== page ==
Natural mapping

When representing objects on display, create a close visual match between the interface and the display.

Where possible, represent the digital content in response to the layout of its related physical object. This doesn’t require an exact 1:1 relationship, but consider how it can reduce the cognitive load of the user to map them in similar layouts (see the example of the stove top controls).

Natural mapping example

Example of natural mapping: The stove top on the left is not using natural mapping; there is no obvious relationship between the controls and the burners. The stove top on the right utilises the natural mapping principle: the relationship between each control and burner is obvious and requires no written instruction or ‘trial-and-error’ approach from the user.

A skeuomorphic result is not the intention, but to make the interface intuitive and obvious so the user doesn’t have to “learn” the interface.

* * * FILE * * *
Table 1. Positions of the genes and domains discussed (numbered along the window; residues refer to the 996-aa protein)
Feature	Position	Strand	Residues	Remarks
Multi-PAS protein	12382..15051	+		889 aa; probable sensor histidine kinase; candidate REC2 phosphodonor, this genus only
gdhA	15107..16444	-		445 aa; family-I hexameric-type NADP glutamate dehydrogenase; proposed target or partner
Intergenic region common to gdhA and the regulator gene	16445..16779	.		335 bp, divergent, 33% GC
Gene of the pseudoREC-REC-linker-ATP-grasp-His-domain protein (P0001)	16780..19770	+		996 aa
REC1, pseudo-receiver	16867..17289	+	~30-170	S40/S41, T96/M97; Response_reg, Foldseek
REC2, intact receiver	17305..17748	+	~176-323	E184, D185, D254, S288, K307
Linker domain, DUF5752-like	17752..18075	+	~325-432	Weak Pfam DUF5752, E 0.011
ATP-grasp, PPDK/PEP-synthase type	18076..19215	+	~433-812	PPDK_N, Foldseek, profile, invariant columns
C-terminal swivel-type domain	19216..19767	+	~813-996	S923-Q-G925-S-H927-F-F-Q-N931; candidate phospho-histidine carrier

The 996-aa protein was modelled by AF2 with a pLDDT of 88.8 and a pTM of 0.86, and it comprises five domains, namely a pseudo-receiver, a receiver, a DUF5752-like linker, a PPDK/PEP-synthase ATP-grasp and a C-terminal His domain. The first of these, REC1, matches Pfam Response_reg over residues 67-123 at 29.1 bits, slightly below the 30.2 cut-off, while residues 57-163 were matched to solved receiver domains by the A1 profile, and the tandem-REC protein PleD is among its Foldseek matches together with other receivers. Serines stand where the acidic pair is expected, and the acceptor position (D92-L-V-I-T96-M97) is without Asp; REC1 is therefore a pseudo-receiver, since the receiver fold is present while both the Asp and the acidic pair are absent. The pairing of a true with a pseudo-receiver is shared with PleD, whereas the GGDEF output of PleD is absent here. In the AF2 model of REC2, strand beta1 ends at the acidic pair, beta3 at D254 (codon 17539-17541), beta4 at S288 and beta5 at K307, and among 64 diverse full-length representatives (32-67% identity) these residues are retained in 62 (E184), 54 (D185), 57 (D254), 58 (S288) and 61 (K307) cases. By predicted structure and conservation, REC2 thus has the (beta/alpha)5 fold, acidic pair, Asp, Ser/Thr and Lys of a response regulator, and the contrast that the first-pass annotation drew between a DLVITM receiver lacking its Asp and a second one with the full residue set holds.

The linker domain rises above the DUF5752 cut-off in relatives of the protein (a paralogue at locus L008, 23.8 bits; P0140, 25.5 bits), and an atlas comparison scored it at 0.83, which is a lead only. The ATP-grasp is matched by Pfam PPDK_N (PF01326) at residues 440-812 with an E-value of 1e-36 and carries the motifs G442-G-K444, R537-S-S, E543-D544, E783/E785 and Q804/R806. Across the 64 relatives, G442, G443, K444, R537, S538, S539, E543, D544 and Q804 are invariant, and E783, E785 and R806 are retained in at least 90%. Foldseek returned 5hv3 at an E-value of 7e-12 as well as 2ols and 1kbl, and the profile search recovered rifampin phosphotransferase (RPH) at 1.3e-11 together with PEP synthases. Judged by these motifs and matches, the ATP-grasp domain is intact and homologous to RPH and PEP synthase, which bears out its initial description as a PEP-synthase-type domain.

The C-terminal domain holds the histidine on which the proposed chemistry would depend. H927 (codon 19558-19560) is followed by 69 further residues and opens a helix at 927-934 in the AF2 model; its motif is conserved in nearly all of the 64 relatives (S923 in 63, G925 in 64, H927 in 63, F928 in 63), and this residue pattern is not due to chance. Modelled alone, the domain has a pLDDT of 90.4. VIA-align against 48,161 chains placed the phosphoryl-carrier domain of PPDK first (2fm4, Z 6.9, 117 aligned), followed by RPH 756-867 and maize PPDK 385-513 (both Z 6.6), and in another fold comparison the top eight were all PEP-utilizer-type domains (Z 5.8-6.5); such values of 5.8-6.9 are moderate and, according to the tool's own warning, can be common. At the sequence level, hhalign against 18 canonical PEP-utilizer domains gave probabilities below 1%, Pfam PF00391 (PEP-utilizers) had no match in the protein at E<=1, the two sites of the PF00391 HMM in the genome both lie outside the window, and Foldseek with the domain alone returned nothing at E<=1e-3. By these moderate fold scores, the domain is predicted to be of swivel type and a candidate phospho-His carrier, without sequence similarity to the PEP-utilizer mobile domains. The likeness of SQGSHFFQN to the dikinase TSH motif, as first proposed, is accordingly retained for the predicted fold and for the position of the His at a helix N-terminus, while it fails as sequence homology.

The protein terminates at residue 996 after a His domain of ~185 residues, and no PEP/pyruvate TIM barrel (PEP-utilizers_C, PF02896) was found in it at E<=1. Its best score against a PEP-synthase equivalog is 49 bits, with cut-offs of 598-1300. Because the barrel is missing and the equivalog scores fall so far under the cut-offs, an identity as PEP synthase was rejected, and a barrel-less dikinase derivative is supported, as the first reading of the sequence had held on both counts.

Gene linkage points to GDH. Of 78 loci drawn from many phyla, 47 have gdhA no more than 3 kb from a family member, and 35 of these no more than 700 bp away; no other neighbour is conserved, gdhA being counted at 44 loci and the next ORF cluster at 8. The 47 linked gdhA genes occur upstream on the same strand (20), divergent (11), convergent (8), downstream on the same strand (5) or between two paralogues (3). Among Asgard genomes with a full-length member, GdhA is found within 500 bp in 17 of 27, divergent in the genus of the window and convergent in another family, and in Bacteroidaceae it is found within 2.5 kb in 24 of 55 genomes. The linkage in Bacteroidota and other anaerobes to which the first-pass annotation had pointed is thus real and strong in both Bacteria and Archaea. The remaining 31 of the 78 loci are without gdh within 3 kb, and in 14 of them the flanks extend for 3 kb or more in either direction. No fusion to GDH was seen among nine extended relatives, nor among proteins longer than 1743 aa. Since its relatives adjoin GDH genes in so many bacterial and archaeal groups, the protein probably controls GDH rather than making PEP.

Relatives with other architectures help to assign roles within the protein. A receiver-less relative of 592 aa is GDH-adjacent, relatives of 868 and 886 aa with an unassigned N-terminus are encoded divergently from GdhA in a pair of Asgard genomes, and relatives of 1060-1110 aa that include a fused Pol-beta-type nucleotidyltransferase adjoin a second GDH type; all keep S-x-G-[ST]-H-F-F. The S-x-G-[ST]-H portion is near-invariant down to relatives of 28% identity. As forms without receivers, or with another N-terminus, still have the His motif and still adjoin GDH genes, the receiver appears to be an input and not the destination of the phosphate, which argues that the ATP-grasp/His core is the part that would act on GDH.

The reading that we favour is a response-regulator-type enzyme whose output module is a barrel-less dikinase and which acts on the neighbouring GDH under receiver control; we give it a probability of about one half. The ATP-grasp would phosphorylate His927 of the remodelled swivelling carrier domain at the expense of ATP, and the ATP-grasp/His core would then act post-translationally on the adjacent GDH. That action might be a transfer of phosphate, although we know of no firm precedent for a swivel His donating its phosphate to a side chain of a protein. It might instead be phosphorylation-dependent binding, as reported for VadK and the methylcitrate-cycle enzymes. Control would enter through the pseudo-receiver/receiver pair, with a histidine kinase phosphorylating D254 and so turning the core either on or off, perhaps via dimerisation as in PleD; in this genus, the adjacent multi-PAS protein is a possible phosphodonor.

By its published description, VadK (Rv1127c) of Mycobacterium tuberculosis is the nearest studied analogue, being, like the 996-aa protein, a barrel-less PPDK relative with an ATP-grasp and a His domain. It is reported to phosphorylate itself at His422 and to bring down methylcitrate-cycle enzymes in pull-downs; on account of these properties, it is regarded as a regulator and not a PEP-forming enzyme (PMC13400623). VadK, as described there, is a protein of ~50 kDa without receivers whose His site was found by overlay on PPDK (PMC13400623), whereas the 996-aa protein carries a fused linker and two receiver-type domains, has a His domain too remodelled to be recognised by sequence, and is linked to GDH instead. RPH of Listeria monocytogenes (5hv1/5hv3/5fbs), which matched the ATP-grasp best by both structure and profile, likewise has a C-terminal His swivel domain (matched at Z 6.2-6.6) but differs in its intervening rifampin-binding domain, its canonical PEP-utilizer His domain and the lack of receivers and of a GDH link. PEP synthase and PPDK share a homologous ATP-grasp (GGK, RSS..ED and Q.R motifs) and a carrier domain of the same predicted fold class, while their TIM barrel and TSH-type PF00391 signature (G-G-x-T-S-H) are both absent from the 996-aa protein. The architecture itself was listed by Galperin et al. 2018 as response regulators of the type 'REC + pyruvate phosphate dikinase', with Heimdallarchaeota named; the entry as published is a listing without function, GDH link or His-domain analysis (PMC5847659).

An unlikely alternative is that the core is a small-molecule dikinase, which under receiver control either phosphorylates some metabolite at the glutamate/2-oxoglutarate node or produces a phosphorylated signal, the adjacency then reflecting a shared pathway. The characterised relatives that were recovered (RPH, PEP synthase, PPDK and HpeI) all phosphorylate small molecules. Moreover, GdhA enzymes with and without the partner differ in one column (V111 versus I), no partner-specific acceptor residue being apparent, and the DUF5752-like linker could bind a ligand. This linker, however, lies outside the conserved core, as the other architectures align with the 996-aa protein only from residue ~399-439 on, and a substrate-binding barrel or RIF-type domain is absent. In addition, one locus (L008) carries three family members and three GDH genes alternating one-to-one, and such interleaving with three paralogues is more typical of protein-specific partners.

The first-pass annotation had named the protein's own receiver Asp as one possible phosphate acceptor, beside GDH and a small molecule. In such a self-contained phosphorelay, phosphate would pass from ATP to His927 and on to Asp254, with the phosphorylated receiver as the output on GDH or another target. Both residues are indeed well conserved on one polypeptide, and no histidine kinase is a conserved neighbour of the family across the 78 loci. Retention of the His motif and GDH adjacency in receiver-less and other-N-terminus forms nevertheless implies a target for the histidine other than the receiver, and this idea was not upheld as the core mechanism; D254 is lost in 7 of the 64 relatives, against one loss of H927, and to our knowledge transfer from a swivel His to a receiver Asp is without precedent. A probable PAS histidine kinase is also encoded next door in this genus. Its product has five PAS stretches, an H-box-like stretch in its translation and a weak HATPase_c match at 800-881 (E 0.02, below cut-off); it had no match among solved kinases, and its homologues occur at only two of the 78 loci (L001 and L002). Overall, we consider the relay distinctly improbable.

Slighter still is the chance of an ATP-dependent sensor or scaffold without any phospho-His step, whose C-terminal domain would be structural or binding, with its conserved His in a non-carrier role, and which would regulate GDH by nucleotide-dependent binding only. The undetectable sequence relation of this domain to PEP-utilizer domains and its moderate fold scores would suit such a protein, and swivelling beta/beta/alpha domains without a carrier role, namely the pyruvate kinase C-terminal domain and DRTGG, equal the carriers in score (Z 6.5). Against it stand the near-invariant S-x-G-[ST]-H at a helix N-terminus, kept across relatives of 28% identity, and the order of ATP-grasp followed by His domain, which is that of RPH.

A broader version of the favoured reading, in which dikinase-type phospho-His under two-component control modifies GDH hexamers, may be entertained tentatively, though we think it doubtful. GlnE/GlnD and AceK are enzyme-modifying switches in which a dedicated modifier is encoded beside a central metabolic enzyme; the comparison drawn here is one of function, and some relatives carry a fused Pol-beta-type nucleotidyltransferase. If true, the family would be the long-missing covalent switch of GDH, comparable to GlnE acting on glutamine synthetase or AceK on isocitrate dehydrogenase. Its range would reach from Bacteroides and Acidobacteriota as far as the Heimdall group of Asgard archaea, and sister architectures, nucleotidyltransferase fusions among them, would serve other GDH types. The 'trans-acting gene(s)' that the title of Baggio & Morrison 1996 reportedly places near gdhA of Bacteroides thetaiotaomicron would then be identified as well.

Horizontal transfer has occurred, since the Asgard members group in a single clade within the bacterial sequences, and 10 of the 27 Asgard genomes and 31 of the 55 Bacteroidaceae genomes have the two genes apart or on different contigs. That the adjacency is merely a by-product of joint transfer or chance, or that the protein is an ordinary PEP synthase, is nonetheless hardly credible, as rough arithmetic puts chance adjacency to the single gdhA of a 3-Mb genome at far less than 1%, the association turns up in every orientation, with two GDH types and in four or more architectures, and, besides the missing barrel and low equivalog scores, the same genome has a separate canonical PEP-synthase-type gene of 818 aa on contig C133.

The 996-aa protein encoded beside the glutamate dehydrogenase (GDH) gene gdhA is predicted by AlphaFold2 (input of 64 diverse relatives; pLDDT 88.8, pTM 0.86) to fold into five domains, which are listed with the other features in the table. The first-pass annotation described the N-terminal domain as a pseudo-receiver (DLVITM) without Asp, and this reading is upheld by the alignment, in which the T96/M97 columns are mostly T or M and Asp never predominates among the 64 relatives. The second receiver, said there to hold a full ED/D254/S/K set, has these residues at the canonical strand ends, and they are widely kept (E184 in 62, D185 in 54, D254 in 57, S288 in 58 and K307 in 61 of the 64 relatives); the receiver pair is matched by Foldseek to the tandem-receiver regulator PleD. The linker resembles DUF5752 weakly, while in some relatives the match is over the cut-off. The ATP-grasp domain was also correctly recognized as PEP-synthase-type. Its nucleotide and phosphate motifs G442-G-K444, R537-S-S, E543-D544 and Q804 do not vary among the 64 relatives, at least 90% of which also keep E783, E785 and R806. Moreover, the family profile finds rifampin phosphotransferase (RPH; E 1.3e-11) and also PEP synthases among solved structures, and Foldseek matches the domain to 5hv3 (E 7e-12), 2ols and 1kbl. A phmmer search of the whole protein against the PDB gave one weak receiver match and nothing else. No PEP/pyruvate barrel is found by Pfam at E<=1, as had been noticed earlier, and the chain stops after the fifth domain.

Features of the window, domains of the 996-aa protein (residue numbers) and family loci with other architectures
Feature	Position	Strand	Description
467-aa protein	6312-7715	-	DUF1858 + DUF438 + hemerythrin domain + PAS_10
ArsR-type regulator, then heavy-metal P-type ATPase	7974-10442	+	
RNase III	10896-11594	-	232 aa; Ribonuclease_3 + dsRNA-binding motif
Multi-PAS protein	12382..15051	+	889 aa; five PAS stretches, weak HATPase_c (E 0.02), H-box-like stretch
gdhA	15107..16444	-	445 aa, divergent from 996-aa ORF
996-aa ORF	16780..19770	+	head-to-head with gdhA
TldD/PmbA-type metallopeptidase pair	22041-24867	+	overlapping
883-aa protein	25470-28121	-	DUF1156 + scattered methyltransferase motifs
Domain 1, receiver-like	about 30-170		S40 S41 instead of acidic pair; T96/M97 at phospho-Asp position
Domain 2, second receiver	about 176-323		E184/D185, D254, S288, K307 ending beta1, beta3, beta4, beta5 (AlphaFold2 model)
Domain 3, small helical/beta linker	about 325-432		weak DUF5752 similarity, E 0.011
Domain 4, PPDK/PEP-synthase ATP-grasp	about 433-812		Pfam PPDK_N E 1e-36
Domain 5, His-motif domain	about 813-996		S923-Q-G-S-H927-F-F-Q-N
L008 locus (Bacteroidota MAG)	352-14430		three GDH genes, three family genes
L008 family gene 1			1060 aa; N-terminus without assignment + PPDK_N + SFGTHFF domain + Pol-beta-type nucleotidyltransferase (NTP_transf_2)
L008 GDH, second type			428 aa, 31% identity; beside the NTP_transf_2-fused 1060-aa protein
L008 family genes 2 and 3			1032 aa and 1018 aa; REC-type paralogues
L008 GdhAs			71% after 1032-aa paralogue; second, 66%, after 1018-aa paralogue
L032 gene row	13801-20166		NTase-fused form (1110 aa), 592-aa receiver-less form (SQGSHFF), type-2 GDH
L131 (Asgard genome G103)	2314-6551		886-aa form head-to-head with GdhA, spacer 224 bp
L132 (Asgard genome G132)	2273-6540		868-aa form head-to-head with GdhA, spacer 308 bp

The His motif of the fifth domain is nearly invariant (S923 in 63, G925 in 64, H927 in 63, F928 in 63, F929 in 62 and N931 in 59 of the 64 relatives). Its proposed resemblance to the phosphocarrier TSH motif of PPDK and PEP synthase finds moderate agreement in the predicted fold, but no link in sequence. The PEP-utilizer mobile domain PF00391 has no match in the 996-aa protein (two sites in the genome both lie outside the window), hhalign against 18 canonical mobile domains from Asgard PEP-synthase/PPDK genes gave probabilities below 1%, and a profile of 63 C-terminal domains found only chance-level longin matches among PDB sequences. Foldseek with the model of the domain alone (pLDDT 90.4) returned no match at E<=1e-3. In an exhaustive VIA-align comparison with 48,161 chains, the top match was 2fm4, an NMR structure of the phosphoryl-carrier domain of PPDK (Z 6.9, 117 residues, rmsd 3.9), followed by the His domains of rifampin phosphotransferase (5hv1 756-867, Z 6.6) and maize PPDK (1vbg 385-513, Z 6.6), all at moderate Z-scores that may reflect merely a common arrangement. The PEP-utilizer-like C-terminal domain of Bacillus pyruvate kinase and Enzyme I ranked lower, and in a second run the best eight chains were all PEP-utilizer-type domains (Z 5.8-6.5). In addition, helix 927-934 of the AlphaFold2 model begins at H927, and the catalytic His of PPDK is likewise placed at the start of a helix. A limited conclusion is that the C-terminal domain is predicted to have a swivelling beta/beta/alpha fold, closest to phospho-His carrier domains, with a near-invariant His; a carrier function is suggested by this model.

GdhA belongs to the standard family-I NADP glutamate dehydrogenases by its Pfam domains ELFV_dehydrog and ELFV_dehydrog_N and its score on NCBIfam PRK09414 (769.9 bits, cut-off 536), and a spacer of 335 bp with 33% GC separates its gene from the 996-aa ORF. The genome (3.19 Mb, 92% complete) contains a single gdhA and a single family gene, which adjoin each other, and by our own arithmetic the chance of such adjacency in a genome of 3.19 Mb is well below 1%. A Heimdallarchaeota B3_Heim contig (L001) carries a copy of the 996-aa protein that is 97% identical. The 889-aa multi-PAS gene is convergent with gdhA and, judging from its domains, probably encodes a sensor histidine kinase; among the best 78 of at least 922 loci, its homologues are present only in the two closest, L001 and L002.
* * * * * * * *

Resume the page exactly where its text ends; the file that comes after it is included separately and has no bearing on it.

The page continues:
An example of natural mapping in an interactive can be taken from the Anzac Print Gallery screen. The screen housed 10 videos, each one directly linked to one of the 10 artworks displayed on the four walls. The 10 videos were displayed in the same order on four separate menu pages of the interactive to create a strong link between the physical artwork hung on the wall and the digital video content about each piece.

A menu page from the Anzac Print Gallery interactive screen

One of the four menu screens from the Anzac Print Gallery interactive, demonstrating the principle of natural mapping. Note, touching on the artwork, artist’s picture or name, or the Play button triggered the video. The screen looped between the four menu screens removing the need for a screensaver.